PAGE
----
Author of the autobiography "When Rabbit Howls," Chase discussed her diagnoses of dissociative identity disorder with Oprah on a radio show early in Winfrey's career. The disorder stemmed from years of physical and sexual abuse from her stepfather.

Truddi Chase talks about her 92 distinct personalities with Oprah. Chase died last year.
Truddi Chase talks about her 92 distinct personalities with Oprah. Chase died last year.

During a 1990 interview with Chase on "The Oprah Winfrey Show," Oprah revealed her own years of abuse.

Chase's story was turned into a TV movie for CBS called "Voices Within: The Lives of Truddi Chase." Shelley Long played the troubled woman.

Chase passed away in March 2010 after raising awareness about sexual abuse and her disorder.

3. Nate Berkus

Berkus was a design contributor on "The Oprah Winfrey Show" from 2002 to 2010, answering viewers' design questions and talking about new trends for the home. After leaving the show in March 2010, he launched "The Nate Berkus Show" in September, continuing his passion for design, furniture and living.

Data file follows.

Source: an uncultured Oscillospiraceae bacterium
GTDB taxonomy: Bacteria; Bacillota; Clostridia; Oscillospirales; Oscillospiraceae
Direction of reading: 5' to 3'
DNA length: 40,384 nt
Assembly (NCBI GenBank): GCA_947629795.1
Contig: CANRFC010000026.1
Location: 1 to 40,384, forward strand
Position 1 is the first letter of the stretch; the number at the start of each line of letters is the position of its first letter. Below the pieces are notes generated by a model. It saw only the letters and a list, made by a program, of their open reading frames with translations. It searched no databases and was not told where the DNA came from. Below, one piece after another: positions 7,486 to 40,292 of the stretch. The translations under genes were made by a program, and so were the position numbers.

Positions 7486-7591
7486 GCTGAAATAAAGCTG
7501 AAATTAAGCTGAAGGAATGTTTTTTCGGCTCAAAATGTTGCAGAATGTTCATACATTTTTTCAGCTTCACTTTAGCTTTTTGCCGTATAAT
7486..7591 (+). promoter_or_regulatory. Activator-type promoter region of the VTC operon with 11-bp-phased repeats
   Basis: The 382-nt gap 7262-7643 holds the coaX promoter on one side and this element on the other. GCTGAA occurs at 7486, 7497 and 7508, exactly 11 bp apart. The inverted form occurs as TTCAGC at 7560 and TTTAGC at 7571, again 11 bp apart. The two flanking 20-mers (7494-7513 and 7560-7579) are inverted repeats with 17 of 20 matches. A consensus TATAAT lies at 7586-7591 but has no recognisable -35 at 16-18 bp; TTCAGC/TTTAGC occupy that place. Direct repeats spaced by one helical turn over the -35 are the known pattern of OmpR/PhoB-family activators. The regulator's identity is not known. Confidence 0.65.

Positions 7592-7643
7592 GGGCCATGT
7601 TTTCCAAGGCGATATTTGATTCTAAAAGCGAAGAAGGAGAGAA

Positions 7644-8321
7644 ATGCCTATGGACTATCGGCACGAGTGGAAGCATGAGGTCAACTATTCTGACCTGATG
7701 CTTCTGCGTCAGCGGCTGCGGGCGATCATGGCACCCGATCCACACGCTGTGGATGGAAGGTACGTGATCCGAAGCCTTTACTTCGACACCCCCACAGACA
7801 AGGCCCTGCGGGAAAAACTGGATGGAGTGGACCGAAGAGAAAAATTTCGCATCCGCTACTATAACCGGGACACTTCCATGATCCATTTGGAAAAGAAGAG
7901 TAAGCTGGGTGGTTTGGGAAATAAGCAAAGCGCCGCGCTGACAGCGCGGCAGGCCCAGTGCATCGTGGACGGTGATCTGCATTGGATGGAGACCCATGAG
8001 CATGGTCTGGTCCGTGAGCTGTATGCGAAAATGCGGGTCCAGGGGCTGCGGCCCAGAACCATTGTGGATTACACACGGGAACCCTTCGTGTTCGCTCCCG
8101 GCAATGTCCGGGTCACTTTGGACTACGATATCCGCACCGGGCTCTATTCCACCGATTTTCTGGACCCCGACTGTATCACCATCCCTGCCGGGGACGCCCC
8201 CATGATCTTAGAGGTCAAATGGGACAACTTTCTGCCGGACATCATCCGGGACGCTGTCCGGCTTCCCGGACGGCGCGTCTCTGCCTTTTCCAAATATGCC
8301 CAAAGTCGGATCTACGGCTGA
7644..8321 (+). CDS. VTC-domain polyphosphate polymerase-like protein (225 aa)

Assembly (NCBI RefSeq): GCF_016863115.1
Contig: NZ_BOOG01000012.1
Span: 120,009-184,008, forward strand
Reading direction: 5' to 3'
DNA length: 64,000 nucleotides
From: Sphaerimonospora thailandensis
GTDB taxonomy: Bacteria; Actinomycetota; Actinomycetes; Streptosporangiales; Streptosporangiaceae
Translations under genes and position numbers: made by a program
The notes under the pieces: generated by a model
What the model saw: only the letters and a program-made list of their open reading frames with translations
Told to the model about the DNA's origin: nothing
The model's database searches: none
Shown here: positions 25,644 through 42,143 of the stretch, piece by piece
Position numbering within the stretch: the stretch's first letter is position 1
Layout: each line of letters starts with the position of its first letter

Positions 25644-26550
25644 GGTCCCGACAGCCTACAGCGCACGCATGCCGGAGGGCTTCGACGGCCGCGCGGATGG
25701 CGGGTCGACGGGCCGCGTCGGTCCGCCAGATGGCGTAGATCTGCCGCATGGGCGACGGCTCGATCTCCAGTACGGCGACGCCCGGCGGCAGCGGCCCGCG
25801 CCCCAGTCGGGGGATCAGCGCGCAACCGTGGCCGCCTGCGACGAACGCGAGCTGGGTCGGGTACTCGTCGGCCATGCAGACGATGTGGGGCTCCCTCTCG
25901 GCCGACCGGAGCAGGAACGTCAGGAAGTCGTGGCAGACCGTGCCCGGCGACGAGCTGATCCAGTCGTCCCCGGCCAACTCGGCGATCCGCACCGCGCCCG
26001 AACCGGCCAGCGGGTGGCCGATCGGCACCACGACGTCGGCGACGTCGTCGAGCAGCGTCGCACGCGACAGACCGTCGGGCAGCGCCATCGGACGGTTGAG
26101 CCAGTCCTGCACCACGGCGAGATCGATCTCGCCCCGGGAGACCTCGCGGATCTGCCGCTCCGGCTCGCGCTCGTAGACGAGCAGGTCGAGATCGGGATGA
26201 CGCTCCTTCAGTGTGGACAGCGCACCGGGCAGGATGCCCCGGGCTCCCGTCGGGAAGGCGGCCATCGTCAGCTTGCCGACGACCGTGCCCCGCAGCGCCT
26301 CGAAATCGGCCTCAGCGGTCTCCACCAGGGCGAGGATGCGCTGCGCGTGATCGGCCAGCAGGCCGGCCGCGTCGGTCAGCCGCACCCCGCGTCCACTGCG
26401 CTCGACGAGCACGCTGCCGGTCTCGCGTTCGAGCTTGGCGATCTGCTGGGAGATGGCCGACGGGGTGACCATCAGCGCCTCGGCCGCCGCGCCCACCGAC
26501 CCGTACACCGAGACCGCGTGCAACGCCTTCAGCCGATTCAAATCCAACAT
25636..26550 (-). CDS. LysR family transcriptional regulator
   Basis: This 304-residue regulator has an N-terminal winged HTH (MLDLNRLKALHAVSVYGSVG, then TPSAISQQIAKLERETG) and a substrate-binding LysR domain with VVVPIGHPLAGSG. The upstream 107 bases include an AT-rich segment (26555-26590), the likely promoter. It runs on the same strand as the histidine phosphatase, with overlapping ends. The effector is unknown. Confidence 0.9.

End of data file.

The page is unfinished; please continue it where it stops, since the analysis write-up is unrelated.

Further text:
4. James Frey

James Frey was accused of fabricating key parts of his memoir "A Million Little Pieces."
James Frey was accused of fabricating key parts of his memoir "A Million Little Pieces."

In 2006, Frey came on the show to defend his memoir "A Million Little Pieces," one that Oprah had heavily endorsed before accusations arose that he had fabricated key parts of his book.

The talk-show host asked the questions everyone wanted to know, and it turned into an uncomfortable interview.

"But now I feel that you conned us all. Do you?" Oprah asked.

"I don't feel like I conned everyone," he said.

"I don't think it's a novel. I still think it's a memoir," Frey said. "I don't feel like I conned you. I still think the book is about drug addiction and alcoholism and no one is disputing that I was a drug addict and an alcoholic, and it's about the battle to overcome that."